Quartering Act Significance
What is the significance of the Quartering Act?
When looking at the factors that led the colonists to declare independence from Great Britain, the Quartering Act played a role. Right after the French and Indian War ended, the British gained lots of land from France. The colonists had hoped to move to these new areas so they could get land cheaply. Owning land was a requirement for voting in some places in the colonies. However, the British passed the Proclamation of 1763. This prevented the colonists from moving to these new lands west of the Appalachian Mountains. The British were concerned about attacks by Native Americans and wanted to keep the colonists safe. The colonists viewed this law as one that denied them the opportunity to gain land.
The colonists were unhappy with this law. However, they became unhappier when the British passed the Quartering Act. This law required the colonists to provide housing, or quarters, for the British soldiers who were enforcing this law. The British believed the colonists should pay for some of the costs of having the soldiers protect them. The colonists thought it was unreasonable to pay for soldiers to enforce a law they didn’t want.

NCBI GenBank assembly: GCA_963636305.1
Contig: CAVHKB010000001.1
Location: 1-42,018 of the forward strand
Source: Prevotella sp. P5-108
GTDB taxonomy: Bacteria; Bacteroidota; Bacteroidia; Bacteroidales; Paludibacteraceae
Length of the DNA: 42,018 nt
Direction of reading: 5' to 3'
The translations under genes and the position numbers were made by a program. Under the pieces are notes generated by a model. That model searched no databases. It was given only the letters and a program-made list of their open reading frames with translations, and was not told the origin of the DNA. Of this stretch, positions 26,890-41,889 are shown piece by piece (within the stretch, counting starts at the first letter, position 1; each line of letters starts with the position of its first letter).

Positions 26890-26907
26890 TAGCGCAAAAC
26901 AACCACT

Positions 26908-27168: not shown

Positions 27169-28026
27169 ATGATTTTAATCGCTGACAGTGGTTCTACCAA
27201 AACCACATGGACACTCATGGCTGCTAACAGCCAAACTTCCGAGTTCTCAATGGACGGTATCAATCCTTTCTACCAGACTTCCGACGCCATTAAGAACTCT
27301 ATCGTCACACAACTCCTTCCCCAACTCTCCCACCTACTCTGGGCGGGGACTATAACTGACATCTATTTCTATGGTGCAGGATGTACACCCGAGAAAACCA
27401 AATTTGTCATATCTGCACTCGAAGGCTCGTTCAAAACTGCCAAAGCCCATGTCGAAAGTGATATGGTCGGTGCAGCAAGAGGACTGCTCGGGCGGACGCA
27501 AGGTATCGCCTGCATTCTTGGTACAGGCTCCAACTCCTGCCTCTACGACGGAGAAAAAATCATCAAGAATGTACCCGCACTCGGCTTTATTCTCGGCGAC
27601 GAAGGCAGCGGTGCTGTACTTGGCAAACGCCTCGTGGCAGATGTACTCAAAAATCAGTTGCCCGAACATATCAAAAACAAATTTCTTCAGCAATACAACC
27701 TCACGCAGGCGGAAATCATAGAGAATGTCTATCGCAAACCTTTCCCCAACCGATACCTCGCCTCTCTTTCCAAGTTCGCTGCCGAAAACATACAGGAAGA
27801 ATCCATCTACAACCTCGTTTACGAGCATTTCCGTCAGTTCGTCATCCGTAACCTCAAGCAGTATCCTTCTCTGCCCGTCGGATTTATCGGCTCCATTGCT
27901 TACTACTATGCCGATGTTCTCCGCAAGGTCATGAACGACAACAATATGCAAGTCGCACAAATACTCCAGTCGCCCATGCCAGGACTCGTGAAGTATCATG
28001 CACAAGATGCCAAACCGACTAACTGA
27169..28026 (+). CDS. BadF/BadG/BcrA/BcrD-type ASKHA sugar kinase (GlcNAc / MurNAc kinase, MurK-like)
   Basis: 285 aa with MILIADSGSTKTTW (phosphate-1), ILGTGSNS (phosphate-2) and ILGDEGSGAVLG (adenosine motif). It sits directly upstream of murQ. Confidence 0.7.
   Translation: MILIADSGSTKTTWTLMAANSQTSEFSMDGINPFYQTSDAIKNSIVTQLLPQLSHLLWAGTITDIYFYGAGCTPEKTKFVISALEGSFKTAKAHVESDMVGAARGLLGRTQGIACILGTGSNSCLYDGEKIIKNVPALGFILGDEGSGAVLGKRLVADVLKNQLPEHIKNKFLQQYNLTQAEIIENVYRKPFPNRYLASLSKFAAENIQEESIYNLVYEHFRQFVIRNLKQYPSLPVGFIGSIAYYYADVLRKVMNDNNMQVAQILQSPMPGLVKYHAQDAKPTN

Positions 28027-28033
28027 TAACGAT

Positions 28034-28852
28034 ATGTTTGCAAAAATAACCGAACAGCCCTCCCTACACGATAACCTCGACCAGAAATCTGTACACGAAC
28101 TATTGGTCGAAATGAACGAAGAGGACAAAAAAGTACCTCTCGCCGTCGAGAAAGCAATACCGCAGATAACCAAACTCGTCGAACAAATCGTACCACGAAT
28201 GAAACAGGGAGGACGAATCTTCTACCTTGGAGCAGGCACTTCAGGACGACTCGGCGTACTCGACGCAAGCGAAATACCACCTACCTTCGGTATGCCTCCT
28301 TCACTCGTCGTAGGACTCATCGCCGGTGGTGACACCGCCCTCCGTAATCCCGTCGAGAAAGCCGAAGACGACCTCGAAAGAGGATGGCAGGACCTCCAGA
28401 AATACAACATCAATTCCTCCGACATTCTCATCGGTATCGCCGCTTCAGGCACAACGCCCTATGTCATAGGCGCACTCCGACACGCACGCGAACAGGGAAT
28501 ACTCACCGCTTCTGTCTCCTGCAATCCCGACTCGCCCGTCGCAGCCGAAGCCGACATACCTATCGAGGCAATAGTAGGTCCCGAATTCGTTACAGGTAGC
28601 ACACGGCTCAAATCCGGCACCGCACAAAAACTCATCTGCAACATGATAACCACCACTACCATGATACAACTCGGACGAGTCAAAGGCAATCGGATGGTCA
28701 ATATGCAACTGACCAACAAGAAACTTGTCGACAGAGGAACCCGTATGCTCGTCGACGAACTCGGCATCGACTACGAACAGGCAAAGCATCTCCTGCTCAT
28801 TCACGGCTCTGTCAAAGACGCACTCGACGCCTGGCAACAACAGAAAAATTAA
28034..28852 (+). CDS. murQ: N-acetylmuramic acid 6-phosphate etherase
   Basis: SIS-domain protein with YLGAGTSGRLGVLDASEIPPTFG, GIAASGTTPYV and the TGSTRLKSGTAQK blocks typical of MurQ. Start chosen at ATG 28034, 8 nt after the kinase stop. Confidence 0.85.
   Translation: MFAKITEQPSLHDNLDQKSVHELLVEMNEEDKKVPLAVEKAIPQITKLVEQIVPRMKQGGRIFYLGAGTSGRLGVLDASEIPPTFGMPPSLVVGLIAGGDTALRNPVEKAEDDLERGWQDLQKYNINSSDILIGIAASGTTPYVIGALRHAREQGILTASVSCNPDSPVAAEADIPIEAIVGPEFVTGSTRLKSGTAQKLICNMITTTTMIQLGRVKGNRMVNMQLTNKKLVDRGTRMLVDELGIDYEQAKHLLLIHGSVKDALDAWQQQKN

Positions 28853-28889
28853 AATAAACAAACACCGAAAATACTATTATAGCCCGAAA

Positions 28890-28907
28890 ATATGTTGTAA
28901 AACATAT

After the Boston Tea Party, the Intolerable Acts were passed. One of the provisions of the Intolerable Acts was that the soldiers could be housed in the homes of private citizens. This was unacceptable to the colonists.
It is fair to say that if only the Proclamation of 1763 and the original Quartering Act were passed, the colonists probably wouldn’t have gone to war with Great Britain in 1776. However, combined with all the other unpopular laws and some of the violence that occurred, the Quartering Act was another example in the minds of the colonists of how the British were disrespecting the colonists and abusing their rights.